You know those poor orphans starving in the snow on your doorstep that Google wants to put to work for Corpocracy Inc? Well, the Brits are after them too. Parliament is considering an “enterprise regulatory reform” bill containing extremely permissive provisions concerning “orphan works.”
What is an “orphan work’? The definition is pretty clear: a copyrighted work (most often a book, story, or photograph) for which the “parent” — the author or copyright holder — cannot be located.
Finding a copyright is easy: the Copyright Office has it on file. Finding copyright holders (heirs who don’t know they’re heirs, etc.) can take time. It’s not always quick and easy to identify an orphan as such.
And here’s where the definition is vulnerable to deliberate manipulation and obfuscation. (I like that word, obfuscation — “making dark.”)
The operative term is cannot be located— which does not mean “hasn’t been found,” or “nobody bothered to look for.”
Increasingly often books are called “orphans” just because nobody is bothering to locate the copyright holder, or even make a copyright search. If stringent requirements for identification aren’t upheld, anyone who wants to exploit the rights to an older work can, after the most cursory search for the copyright holder or no search at all, just declare the book, the story, the photograph “orphaned.”
And if this practice isn’t questioned, they can go ahead without concern for copyright, reproducing and exploiting the so-called “orphan.”
It’s not an orphan at all. It’s been kidnapped.
By now kidnapped works probably far outnumber genuinely orphaned ones. The Google Book Settlement allowed Google to declare books orphaned with little or no pretense of search and then reproduce them busily, steadily, and no doubt profitably. The Internet makes it incredibly easy to do so. The U.S. Copyright Office has generally failed or refused to interfere, leaving the entire onus of proof that the work is protected by copyright to the individual author.
Now the Brits are trying to legalize this injustice — a dangerous precedent for decisions yet to be made in the U.S. And worse yet, if Parliament passes the bill, many American works published on both sides of the Atlantic will be misidentified as “orphaned,” scanned and put online by British libraries and others without the permission of the digital rights holder.
Once that happens, you might as well kiss your copyright goodbye. Your book has not only been kidnapped, but handed over to the pirates. As Parliament lurches along hand in hand with Blind Pugh and Long John Silver, somebody else will be burying your treasure. Arr, arr. Isn’t that funny?
At this point, most of the organized opposition in the U.K. is coming from photographers, photo licensing agencies, distributors of news photographs. This also happened in the U.S. in 2008, when photographers got together and stopped “orphan works” legislation in Congress.
It’s hard to understand why writers, who are just as directly affected, are hard to stir up on this issue. Maybe we’ve had copyright so long that we thought it was genetic, or something?
What’s happening is that the Corpocracy — first Disney, then Google, to be followed by Amazon and the rest — has been working for over ten years now to dismantle copyright in practice and destroy it in principle — and to get government sanction for doing so.
Copyright Office seems to be paralyzed; the Department of Justice is looking away; the present Congress is hardly likely to protect art or artists against corporate greed. It’s up to us, the artists, the photographers, the writers, to defend our rights.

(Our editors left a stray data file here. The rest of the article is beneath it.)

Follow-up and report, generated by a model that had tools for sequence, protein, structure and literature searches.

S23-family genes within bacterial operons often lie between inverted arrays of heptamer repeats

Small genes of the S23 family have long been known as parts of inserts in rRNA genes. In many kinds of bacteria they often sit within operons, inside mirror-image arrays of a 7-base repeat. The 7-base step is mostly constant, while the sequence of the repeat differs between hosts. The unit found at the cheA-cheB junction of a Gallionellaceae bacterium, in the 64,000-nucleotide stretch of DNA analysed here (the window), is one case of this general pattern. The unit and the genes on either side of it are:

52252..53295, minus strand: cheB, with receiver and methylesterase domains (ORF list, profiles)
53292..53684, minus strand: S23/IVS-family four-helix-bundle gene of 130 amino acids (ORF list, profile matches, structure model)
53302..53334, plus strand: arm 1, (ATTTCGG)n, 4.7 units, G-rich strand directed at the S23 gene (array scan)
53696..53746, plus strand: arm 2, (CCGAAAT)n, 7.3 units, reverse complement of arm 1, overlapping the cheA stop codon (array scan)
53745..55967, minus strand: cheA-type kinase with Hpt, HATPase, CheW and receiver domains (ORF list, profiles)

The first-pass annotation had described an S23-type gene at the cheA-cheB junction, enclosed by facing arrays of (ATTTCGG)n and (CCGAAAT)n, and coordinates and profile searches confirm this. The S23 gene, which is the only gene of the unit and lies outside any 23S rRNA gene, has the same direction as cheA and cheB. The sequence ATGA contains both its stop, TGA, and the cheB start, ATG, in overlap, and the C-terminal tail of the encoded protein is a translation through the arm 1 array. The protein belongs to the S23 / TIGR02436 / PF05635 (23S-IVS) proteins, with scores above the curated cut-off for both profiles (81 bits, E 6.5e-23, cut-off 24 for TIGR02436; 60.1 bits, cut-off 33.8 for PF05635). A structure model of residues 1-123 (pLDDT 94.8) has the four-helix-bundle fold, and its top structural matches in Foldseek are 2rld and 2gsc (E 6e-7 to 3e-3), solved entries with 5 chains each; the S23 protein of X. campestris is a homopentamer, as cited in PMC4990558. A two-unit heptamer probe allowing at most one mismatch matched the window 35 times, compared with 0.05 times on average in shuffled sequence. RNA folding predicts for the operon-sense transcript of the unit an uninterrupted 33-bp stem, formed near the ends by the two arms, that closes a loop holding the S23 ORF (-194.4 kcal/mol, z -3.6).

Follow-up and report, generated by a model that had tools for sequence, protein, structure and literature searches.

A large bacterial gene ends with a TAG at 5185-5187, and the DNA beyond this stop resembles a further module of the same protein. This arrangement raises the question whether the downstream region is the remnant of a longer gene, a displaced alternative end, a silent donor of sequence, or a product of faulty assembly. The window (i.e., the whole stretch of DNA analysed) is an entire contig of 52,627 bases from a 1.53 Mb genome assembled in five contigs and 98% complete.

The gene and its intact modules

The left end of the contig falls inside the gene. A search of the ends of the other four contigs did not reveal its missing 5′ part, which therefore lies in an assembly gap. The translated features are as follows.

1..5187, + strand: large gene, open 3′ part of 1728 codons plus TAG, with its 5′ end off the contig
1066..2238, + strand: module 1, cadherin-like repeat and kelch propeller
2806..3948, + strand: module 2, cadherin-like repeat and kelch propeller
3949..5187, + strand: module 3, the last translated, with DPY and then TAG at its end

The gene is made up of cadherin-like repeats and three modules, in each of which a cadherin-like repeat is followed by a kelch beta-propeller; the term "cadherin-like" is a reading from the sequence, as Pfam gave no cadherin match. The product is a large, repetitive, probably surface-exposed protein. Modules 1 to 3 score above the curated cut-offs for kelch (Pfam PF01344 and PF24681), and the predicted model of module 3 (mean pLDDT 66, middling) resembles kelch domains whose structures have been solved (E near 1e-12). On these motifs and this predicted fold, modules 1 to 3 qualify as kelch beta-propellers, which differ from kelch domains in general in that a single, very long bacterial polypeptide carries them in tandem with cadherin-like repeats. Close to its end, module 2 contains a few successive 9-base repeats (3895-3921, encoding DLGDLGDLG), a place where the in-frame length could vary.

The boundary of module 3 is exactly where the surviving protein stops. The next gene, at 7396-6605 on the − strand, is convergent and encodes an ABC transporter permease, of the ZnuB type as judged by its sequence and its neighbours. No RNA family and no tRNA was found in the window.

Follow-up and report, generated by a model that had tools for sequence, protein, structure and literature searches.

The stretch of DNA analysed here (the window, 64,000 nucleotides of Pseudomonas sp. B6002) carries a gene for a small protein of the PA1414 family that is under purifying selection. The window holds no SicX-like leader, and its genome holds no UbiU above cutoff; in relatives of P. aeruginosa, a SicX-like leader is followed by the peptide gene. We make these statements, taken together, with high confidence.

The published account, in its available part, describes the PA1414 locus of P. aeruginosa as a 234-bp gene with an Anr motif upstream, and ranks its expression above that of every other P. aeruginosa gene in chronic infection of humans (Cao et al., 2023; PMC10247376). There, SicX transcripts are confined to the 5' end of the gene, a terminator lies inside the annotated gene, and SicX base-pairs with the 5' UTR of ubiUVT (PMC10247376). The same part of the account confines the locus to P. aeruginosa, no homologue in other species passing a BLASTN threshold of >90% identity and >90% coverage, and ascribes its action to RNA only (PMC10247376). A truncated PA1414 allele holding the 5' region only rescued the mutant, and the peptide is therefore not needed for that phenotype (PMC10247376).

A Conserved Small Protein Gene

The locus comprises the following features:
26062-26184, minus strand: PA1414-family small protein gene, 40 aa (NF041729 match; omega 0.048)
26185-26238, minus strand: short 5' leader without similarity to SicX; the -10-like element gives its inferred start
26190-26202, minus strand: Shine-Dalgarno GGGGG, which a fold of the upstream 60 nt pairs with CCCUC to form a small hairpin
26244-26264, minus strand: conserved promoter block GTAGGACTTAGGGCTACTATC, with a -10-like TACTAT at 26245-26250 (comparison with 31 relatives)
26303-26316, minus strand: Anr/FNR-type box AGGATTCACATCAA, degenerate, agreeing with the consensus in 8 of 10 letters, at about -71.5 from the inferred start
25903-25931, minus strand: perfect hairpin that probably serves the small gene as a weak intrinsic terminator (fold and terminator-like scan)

At this point, I don’t know any organization working to co-ordinate us into an effective movement except the National Writers Union. However you feel about unions in general, if you’re a writer of any kind, you might look into this one. It’s small, it’s active, and it’s on our side. Nobody much else is.
21 January 2013
Here are some useful links:
Two British resistance websites —
- Photographers: http://www.stop43.org.uk/
- Authors: Authors Rights
Encouraging information here:
In the U.S., the National Writers Union statement opposing the British legislation is at:
And here is the NWU’s warning about what the British bill can do to American properties. It ain’t pretty.
- Violate the obligations of the U.K., pursuant to the Berne Convention, with respect to the rights of authors of works first published in the U.S. and elsewhere outside the U.K.;
- Misidentify many works first published in the U.S. and other countries — particularly works simultaneously published in multiple countries, U.K. editions of works previously published in different editions in the U.S., and works first published online on servers in the U.S. — as having been first published in the U.K. and as being “orphan works”;
- Authorize reproduction and use of U.S. and other foreign works without the permission of the author (or other holder of the particular rights being exploited) in ways that interfere with the “normal commercial exploitation” of rights to those works; and
- Impose burdensome “opt out” and/or “claim” requirements, constituting “formalities” prohibited by the Berne Convention, on foreign authors who do not want our work included or authorized for reproduction or use through “orphan works” or ECL schemes. (The costs which would be imposed by these proposals on authors, whether in the UK or abroad, of searching lists of works to which some of the rights had provisionally been identified as “orphaned”, are entirely omitted from the Impact Assessment prepared by the IPO, even though these costs would manifestly be the largest category of costs imposed by the “orphan works” scheme.)